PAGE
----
November 20, 2007 – Hugh Raffles: “Introducing the Insectopedia: 2 out of 26”
Introducing the Insectopedia: 2 out of 26
Tuesday, November 20 / 4–6 PM / Humanities 210
Hugh Raffles is Associate Professor and Chair of Anthropology at the New School for Social Research in New York. He is the author of In Amazonia: A Natural History (Princeton, 2002); his essays have appeared in a range of publications, most recently in Cabinet, Granta, and Public Culture.
The seminar discussion and presentation are drawn from his current book project, The Illustrated Insectopedia, an exploration of encounters between humans and insects in a wide variety of times and places (contemporary Shanghai, Zurich, Bamako, Tokyo, and Santa Fe; Renaissance Prague, early twentieth-century Berlin, nineteenth-century Provence, etc.). What happens when humans and insects meet? The book focuses on the ineffability and indifference of insects and their ability to provoke moments of ontological instability in which taxonomic hierarchies of various kinds break down, unexpected relationships form and dissolve, and unanticipated events take place.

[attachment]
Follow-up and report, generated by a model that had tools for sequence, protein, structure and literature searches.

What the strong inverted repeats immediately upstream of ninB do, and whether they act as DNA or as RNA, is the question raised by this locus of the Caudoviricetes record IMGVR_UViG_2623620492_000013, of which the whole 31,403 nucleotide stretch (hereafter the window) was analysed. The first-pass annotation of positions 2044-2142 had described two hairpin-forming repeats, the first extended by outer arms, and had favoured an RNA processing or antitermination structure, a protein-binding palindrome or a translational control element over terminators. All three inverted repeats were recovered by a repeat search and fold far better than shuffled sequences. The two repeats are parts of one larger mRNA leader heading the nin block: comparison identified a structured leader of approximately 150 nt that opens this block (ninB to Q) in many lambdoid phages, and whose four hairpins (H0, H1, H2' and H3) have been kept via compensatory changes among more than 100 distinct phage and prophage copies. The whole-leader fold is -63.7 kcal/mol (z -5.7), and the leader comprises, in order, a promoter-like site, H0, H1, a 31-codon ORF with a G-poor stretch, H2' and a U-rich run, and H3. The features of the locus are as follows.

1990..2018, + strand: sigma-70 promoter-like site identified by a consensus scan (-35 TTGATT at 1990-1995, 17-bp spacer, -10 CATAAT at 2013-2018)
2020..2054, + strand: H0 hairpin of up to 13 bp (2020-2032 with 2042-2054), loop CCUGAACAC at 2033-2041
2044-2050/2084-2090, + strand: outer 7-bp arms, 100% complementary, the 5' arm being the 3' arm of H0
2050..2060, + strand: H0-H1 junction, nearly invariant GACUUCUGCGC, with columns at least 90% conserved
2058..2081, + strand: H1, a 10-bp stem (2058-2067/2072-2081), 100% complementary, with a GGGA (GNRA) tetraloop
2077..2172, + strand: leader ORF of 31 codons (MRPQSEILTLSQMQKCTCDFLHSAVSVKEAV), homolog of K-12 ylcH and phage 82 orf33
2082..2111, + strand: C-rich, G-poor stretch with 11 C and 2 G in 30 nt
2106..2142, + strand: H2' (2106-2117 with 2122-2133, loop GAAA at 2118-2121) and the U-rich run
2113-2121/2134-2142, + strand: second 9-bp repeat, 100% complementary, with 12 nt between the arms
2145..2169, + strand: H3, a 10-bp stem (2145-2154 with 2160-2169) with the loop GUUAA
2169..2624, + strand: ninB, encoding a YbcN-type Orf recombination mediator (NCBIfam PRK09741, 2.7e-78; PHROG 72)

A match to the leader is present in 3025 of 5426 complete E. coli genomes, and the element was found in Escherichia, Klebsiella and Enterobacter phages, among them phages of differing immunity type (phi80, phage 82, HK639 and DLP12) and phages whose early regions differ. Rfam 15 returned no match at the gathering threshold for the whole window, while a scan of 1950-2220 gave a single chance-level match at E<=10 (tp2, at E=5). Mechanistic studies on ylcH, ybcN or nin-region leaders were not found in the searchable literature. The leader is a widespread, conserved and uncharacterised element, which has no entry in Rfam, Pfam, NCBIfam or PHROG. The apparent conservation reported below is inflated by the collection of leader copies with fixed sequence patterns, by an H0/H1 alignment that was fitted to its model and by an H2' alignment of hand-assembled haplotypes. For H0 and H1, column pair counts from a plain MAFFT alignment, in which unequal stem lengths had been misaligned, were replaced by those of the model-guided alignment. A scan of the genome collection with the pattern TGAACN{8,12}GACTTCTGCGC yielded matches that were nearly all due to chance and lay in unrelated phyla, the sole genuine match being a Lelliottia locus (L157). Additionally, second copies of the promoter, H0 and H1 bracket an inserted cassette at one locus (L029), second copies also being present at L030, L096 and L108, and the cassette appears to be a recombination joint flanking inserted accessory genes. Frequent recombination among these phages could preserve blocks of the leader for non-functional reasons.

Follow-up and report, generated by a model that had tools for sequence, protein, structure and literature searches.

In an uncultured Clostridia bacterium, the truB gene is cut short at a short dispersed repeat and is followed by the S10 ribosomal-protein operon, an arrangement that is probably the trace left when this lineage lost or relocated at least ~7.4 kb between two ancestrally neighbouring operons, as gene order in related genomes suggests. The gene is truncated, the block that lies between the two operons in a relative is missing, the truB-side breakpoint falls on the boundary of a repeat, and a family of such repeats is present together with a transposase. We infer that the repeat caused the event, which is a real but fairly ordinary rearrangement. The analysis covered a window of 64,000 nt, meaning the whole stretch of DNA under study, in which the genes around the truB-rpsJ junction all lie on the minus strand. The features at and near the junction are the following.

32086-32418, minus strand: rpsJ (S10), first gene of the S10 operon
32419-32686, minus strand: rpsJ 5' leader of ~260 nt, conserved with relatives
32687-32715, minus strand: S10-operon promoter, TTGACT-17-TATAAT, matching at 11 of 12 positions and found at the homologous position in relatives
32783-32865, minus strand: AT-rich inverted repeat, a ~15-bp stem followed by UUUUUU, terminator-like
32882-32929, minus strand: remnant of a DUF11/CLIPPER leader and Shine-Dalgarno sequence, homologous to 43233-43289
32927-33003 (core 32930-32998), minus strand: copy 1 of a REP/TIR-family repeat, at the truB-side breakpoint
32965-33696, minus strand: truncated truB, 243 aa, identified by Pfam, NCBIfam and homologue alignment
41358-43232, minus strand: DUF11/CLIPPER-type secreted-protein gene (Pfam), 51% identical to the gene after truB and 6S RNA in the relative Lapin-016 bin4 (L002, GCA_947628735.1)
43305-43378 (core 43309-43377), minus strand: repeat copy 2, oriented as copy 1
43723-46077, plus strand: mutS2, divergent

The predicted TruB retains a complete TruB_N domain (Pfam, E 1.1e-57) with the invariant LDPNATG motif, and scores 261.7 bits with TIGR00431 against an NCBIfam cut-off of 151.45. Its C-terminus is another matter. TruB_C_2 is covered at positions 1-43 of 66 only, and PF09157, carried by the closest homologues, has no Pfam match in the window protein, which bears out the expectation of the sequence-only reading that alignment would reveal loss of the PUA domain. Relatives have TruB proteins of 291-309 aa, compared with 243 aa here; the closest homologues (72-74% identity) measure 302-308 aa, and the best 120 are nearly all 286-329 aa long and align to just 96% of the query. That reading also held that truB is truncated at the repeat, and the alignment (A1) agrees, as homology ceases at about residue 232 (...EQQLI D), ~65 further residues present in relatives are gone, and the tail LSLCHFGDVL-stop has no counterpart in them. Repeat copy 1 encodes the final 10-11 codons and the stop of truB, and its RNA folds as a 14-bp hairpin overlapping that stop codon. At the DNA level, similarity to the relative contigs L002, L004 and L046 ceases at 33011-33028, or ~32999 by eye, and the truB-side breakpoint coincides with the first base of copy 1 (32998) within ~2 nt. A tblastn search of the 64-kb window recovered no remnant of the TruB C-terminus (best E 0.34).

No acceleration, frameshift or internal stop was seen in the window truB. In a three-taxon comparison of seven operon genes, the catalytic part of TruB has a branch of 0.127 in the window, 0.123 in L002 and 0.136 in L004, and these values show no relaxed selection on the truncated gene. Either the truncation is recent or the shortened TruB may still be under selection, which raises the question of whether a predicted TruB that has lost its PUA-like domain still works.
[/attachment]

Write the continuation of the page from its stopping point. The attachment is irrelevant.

Email firstname.lastname@example.org for a copy of the seminar readings.
This faculty-graduate student seminar is being held in conjunction with a talk for the Anthropology Department,
Squish That Bug! Crush Freaks in an Unforgiving World
Monday, November 19 / 3:30 PM / Soc Sci I, 261.
This event is co-sponsored with the Department of Anthropology.